"You'd go batty pretty quickly if you were trying to coordinate this manually," says Steven Schmuger, Internal Services, Graphics Services Manager. "Every one of these operations is just dozens and dozens of redundant key stroke—you'd make an error in no time at all."

The Miami-Dade printer has a digital print center as well as a conventional printing plant—sophisticated workflows tie both locations together. Digital highlights include three Digimaster 150s and a Canon imagePRESS C7000. Software highlights include EFI's Digital StoreFront and ObjectifLune's Planet Press software suite. Variable data work includes tax bills photo cards and dog licenses. Some jobs, such as a recent 930,000 run of a 36-page magazine, are outsourced.

The in-plant's association with Enfocus goes back at least 10 years when it installed PitStop. Its Switch roots are even deeper. "We discovered Switch actually before Enfocus bought the company," recalls Schmuger. "We worked directly with the folks in Belgium and began using it for scripting and automating the ballot production. We use it to process PDFs that we get from the Supervisor of Elections."

STEP BY STEP

In Switch parlance, a flow is a series of steps. "You take something complex and break it down into a number of steps that can be managed," explains Schmuger. "You link those together to get what you need."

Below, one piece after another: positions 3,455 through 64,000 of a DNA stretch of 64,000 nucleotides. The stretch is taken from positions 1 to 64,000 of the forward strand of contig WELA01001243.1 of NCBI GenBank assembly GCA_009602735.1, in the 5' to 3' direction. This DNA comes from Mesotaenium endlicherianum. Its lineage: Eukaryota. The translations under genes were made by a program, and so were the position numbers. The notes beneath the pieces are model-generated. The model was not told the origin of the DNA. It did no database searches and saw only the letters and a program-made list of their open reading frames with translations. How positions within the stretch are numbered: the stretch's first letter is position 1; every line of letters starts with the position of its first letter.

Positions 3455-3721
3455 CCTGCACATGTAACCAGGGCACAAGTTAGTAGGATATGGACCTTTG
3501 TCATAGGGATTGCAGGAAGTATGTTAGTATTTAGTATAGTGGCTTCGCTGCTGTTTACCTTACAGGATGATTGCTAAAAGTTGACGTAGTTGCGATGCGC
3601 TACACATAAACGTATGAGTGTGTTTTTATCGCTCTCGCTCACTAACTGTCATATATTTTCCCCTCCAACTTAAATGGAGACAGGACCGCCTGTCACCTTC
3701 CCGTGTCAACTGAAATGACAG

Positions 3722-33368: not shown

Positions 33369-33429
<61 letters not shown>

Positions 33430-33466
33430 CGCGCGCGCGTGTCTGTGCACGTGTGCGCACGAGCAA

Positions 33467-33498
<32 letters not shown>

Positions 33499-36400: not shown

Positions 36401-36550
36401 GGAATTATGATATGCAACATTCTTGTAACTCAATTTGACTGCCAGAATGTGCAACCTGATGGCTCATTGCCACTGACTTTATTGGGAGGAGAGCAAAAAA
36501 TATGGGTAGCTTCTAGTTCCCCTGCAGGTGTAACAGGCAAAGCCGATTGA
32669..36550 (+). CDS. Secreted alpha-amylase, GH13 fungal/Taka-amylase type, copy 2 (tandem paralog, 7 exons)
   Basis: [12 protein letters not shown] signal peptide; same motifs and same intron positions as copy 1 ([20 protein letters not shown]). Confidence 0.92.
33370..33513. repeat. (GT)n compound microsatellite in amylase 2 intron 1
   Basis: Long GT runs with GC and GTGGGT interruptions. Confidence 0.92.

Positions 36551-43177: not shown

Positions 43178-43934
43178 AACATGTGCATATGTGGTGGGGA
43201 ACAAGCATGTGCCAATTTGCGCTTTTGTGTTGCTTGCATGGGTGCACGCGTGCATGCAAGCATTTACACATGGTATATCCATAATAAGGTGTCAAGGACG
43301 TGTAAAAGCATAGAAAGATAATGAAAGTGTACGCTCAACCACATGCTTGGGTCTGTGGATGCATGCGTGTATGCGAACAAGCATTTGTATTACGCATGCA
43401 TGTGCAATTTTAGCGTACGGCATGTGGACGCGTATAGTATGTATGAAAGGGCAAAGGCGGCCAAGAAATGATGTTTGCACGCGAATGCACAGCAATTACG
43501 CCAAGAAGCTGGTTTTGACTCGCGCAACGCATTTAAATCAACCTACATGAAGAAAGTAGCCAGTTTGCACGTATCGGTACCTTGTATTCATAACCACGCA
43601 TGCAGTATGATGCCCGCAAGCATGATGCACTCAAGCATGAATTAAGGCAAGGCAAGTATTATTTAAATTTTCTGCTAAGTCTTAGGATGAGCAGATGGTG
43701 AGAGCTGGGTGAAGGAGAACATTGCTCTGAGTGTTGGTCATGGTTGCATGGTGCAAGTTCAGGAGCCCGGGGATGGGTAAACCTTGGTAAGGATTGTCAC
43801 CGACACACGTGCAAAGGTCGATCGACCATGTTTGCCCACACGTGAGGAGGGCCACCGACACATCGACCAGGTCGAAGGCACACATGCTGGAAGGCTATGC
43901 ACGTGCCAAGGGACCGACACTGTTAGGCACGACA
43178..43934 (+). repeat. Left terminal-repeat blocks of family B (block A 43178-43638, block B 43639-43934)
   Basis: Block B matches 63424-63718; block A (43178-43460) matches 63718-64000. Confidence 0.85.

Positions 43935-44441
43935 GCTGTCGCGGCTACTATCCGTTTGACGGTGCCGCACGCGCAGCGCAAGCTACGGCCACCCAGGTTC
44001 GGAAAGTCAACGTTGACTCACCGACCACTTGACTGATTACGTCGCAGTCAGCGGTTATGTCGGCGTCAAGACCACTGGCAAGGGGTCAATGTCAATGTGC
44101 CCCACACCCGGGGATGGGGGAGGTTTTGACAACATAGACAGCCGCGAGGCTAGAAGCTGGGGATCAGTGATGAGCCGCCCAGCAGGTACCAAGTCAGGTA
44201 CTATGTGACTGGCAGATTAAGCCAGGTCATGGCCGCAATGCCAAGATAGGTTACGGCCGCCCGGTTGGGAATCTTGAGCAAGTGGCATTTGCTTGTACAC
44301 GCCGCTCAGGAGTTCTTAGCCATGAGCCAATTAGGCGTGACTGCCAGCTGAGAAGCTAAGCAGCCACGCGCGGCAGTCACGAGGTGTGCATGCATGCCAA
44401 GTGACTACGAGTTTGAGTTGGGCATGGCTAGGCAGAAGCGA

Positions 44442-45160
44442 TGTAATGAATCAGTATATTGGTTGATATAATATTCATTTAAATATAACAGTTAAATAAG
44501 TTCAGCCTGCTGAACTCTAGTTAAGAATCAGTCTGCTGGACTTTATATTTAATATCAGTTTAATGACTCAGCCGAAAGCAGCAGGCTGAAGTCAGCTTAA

The print operation may receive orders for as few as six ballots and as many as 300. "Each ballot is referred to as a 'style,' and each of them is in a PDF file which represents a ballot sheet that can be printed front or front and back," says Schmuger. "First the Switch flow goes through a series of PitStop functions, checking for every error that we've ever seen using an action list."

In the next flow, three components must be verified: the file name (which also indicates the specific election), ballot name and total quantity ordered. When that's done, Switch groups the ballots by threes.

Switch also knows what's an acceptable overrun as well as the difference among ballots that go on a sheet. InDesign scripts take the name of the ballot and apply it as a bar code and human readable text in a specific spot on the ballot.
Finally, Switch uses another InDesign script to impose the job three-up on a sheet, create a large PDF, place bar codes on the sheet in trim areas to identify the form number and create an Excel spreadsheet with the information about each form. This information, along with a JDF file, is sent to the Heidelberg PrintReady system.